Wichitans seem to fall in two different camps when it comes to ramen.
Members of the first camp, whom I heard from frequently after Jack Fukuda announced plans to open his Yokohama Ramen Joint earlier this year, cannot believe that anyone would pay so much for a bowl of ramen noodles. Hello? Give them 99 cents and three minutes with a microwave and they’ll make you some ramen noodles.
Members of the second camp have been to big cities that are already deep into the ramen noodle movement and know that the Japanese soup is much more than packaged noodles. They love the exotic flavors and unusual ingredients in restaurant ramen, and it fills their desire for something different on the Wichita dining scene.
Fortunately for Fukuda, there are enough Wichitans in the second camp to keep the seats in his tiny Delano ramen restaurant filled most of the time.
Fukuda, who also owns the Beard Papa’s cream puff franchise in Towne East, opened Yokohama Ramen Joint at 613 W. Douglas in April. He celebrates his six-month anniversary on Monday.
▪ DON’T-MISS DISHES: Ramen served in restaurants like Yokohoma are nothing like the dry-and-crumbly stuff with a flavor packet you ate in your dorm room. It’s a rich soup made with broth that’s been simmering for hours, and it’s swimming with ingredients like pork, corn, bamboo shoots, soft boiled eggs and black mushrooms. The noodles, hidden in the bottom of the soup, are hearty and plentiful and filling.
But be warned – if you’re not up for a dining adventure, real ramen like Yokohama serves might not be for you. This is authentic stuff, and Fukuda has made no attempt to Americanize it for less daring palates.
Take for example the Yokohama-style ramen, one of the more popular dishes on Fukuda’s menu. The soy-based broth is a light brown color, and the flavors are deep and buttery. The soup is topped with a soft-boiled egg with whites that have turned a tad gray as it has soaked and that’s been sliced down the center to reveal its not-quite-solid, bright yellow yolk. Tender slices of bamboo shoot also look unfamiliar, as do the dark black mushrooms piled off to one side.
The protein in the soup is chashu pork, which is thin-sliced pork belly that’s streaked with fat. It’s a definite departure from the same-old, same-old for Wichita diners, and that’s what many Yokohama fans say they like. I’m ashamed to admit that I’m not able to get past the fatty pork, so I tend to slurp around it. But the savory broth is the stuff of my slow-simmered dreams.
The other most-popular ramen dish on Yokohama’s menu is the spicy garlic miso ramen, which is a much more colorful soup. It has a miso base, and the broth is almost red. The yellow corn floating in the soup adds an appealing color contrast. The soup also has the soft-boiled egg and the chashu pork, but it adds bean sprouts and lots of garlic clove slivers that give it a garlic punch.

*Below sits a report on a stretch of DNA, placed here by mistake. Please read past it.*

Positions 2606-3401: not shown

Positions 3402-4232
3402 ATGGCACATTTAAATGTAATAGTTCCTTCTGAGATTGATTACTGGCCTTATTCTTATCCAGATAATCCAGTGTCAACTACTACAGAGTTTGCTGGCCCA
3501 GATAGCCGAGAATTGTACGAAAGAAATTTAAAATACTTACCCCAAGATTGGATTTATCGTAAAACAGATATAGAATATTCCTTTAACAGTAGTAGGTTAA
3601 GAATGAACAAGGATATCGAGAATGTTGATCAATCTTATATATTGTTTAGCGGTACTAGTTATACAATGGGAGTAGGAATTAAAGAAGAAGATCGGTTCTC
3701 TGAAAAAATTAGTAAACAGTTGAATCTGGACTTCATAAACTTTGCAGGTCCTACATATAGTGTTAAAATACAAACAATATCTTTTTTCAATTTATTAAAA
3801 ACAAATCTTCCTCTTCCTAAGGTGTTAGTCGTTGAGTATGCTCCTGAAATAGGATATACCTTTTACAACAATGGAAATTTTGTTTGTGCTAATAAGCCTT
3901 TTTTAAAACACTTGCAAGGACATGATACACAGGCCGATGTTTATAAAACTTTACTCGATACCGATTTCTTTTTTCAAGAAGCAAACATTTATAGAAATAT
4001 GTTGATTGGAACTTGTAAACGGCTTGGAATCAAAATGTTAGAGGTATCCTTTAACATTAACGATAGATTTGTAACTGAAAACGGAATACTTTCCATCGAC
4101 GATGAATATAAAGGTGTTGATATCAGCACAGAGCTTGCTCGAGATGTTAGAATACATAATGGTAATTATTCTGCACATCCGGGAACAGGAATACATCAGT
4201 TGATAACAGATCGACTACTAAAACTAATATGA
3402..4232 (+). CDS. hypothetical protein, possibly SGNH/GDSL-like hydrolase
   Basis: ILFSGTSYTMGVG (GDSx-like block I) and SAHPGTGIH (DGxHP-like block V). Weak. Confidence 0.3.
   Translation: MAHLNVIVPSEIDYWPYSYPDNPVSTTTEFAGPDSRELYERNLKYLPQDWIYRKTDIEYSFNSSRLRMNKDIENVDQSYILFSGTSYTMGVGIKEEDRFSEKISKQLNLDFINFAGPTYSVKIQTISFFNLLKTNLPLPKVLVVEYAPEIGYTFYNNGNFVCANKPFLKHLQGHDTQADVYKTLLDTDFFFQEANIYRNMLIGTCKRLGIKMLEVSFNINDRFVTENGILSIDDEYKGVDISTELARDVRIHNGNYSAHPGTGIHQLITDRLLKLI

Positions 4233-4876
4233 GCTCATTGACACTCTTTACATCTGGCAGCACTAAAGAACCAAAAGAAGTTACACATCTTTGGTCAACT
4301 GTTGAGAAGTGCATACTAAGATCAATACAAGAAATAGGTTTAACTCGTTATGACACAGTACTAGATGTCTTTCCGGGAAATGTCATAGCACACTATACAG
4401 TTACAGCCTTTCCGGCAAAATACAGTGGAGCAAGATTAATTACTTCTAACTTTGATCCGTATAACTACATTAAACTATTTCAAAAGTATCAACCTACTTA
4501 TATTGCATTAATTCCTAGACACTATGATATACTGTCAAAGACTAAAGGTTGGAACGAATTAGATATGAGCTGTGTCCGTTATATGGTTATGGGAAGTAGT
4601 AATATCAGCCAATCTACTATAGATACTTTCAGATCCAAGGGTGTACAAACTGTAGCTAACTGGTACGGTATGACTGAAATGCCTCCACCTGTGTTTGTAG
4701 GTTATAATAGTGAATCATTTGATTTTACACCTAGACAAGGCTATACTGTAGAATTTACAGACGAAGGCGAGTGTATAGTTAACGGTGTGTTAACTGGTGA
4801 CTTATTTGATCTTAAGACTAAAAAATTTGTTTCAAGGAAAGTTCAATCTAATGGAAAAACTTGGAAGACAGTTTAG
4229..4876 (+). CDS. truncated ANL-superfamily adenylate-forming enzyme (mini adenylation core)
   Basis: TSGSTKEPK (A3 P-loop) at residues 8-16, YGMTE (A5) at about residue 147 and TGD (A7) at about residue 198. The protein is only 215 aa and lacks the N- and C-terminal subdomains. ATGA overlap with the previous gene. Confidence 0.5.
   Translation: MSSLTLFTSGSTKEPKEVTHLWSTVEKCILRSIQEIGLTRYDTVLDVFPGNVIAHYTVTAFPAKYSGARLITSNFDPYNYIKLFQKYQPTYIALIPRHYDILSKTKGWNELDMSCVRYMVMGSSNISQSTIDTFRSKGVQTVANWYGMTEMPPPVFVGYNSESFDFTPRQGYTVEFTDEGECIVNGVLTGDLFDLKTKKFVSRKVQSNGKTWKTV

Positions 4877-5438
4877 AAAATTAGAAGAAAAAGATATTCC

Other ramen bowls emerge from the kitchen dramatically garnished with seaweed, and those who really want to make their soup interesting can choose from a long list of exotic add ons, from roasted seaweed to kimchi to seasoned baby octopus to Japanese fish cakes, which are a pink and white discs with a spiral design. (You’ve seen one before. Most smart phones have one in the emoji menu, near the soups.) Diners also can get gluten-free noodles, and Yokohama also serves both vegetarian and vegan versions of its ramen.
If this sounds like too much for you or your dining companion, though, the restaurant has plenty of safer options, including a teriyaki dish piled high with chicken that’s been coated in a dark, rich sauce. Several diners also were enjoying big bowls of fried rice, which can be ordered with chicken, pork or shrimp. Yokohama also serves yakisoba, a traditional Japanese stir fried noodle dish with cabbage, carrots and bean sprouts, and the restaurant tops its with fish flakes that are so paper thin, the steam from the dish makes them dance. It’s weird but wonderful.
Be sure order something from Yokohama’s appetizer menu, too. Its calamari tempura features a generous portion of calamari strips coated and fried in a perfectly light and crunchy tempura batter. Two dipping sauces are served on the side, and one has a spicy jalapeno kick. And Yokohama’s homemade gyoza, which are Japanese dumplings, have a savory pork stuffing inside a chewy dough and are a must-try.
We finished the meal with a boba tea that was taro flavored with a whimsical lavender hue. It’s sweet and milky, and the tapioca pearls floating in the bottom are fun to chew on.
▪ AMBIENCE: Yokohama is tight, with only about 30 seats, so it fills up quickly and it can be hard to move around. But the dining room is flooded with light and has a big-city cachet. Diners can watch Fukuda hard at work in the kitchen.
▪ PRICE RANGE: Ramen is $8.25-$9. Rice dishes are $5.79-$7.99. Appetizers are $3 to $7.50. A good time to try ramen would be on Monday, Oct. 24, which is Yokohama's six-month anniversary. From 6 to 8 p.m., they'll discount ramen to $6 a bowl.
▪ SERVICE: Yokohama has table service, and our waitress was professional and quick. The restaurant does ask diners to take their checks to the register at the back of the restaurant to cash out, which is fine except that it’s hard to maneuver the tiny restaurant when its crowded.
Ratings reflect the critic’s judgment of the food, service and atmosphere in relation to the price. If you would like to nominate a restaurant to be reviewed, call 316-268-6327.
Yokohama Ramen Joint
☆☆☆ out of four
Where: 613 W. Douglas, 316-260-7031
Type of food: Ramen, Japanese
Hours: 11 a.m. to 8 p.m. Sundays through Tuesdays and Thursdays, and 11 a.m. to 9 p.m. Fridays and Saturdays. Closed Wednesdays.